In terms of overly accepting versus outright discriminatory students, I unfortunately encountered more of the latter at Furman, but that could just be my own personal experience. I didn’t personally get along well with most of the explicitly queer and allied students on campus, but they were kind and helped me first get my footing. There were significantly more gay/lesbian/bi students than trans students, however (the majority of those trans students being seniors who have since graduated), making that feeling of otherness present even within the few LGBT spaces on campus. Similarly, while the LGBT clubs on campus have some merit, I personally was unsatisfied with the lack of variety and abundance of the ones on campus, most being either hangouts of >10 queer people or too rigid to provide me with a sense of community.

Ultimately, I most likely will not return to Furman in the fall. While this decision has more to do with other issues I had with the university, I wouldn’t be lying if I said Furman’s lukewarm attitude towards its queer students influenced my decision. However, this is just my personal experience with the university. Some trans students I met on campus really loved attending Furman, albeit more for the university’s more favorable qualities than their handling of LGBT issues. Furman is what you make of it, and while the issues I’ve described above may be deal breakers/sellers to some, I’d recommend judging it based on its academic merit and student makeup first.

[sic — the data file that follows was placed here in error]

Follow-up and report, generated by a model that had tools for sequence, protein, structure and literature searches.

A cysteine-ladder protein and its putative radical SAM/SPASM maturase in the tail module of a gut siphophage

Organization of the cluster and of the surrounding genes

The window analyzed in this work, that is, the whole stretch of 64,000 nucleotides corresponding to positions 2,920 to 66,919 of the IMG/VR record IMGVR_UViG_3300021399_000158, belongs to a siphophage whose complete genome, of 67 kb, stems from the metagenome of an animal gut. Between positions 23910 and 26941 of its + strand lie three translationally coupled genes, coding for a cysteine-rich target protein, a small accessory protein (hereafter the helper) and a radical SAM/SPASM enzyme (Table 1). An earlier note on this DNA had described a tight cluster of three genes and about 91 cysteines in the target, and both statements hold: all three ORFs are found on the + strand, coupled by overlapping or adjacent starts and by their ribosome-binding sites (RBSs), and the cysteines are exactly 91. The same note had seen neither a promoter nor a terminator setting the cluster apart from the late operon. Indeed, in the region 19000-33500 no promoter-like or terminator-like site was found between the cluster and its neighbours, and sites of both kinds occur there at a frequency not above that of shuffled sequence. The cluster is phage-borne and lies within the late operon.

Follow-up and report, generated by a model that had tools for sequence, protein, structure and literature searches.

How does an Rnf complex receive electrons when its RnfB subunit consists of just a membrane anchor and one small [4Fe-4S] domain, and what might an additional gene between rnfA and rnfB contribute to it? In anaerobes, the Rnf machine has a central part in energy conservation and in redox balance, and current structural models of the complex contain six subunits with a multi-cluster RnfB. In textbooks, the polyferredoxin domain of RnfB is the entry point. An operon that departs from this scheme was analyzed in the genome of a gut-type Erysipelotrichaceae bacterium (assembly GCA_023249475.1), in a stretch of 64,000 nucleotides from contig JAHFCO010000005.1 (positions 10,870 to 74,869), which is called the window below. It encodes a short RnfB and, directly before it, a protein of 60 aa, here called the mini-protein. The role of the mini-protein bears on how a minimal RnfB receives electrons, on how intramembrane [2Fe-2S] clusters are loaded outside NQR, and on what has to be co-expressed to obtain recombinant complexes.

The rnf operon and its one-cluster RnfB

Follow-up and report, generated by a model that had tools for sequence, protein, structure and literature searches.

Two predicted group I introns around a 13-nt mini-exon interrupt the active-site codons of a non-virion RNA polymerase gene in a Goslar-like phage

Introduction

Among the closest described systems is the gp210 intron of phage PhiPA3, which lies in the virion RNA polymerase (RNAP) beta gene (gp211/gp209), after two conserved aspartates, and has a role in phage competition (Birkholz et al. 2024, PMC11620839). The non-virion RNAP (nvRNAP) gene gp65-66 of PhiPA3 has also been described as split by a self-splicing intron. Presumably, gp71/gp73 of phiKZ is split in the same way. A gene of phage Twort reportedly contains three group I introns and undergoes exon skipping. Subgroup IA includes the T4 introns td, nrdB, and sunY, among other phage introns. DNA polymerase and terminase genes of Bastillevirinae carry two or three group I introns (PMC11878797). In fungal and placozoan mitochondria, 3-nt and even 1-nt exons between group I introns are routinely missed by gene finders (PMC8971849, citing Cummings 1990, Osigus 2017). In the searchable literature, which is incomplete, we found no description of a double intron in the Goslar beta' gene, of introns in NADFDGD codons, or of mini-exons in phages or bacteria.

With that being said, I’d advise getting in touch with the following resources who can help directly with LGBT issues/concerns at Furman better than I can:

  • Get in contact with SOAR as soon as possible. While they’re not explicitly stated to be a service for LGBT students, they can still help secure safe housing, as well as some other needs if you make a case for yourself.
  • Student Life is very helpful in navigating mental health concerns and, depending on who you get in touch with, is explicitly trans friendly. It wasn’t the best fit for me personally, but they’re compassionate, well-meaning people nonetheless.
  • Check your name everywhere it’s listed in the Furman registry. Student ID, email, everything–in my case, it was dead name central. A few trips to IT Services and Administration Services on your first day should fix most things.
  • I’ve talked to a few professors who others have recommended to me regarding trans life on campus, and while they all were lovely people, they weren’t too helpful. If you’d still like to talk to a professor about LGBT concerns, explicitly friendly professors have a rainbow flag on their office doors, thanks to a past bias training initiative.
  • Only join LGBT groups on campus if you’re really invested in activism, LGBT history, etc., or if what I described in the paragraph mentioning clubs interests you. It’s a small campus, help will find you eventually.
  • Find a therapist in the area. You will probably need one. Willow Tree Counseling is an LGBT-focused therapy center that helped me leaps and bounds; I’d suggest sending them an email before the semester starts to have a resource handy.

I hope this was able to help anyone in a similar situation as I was last year. Happy to answer any questions/concerns in the comments!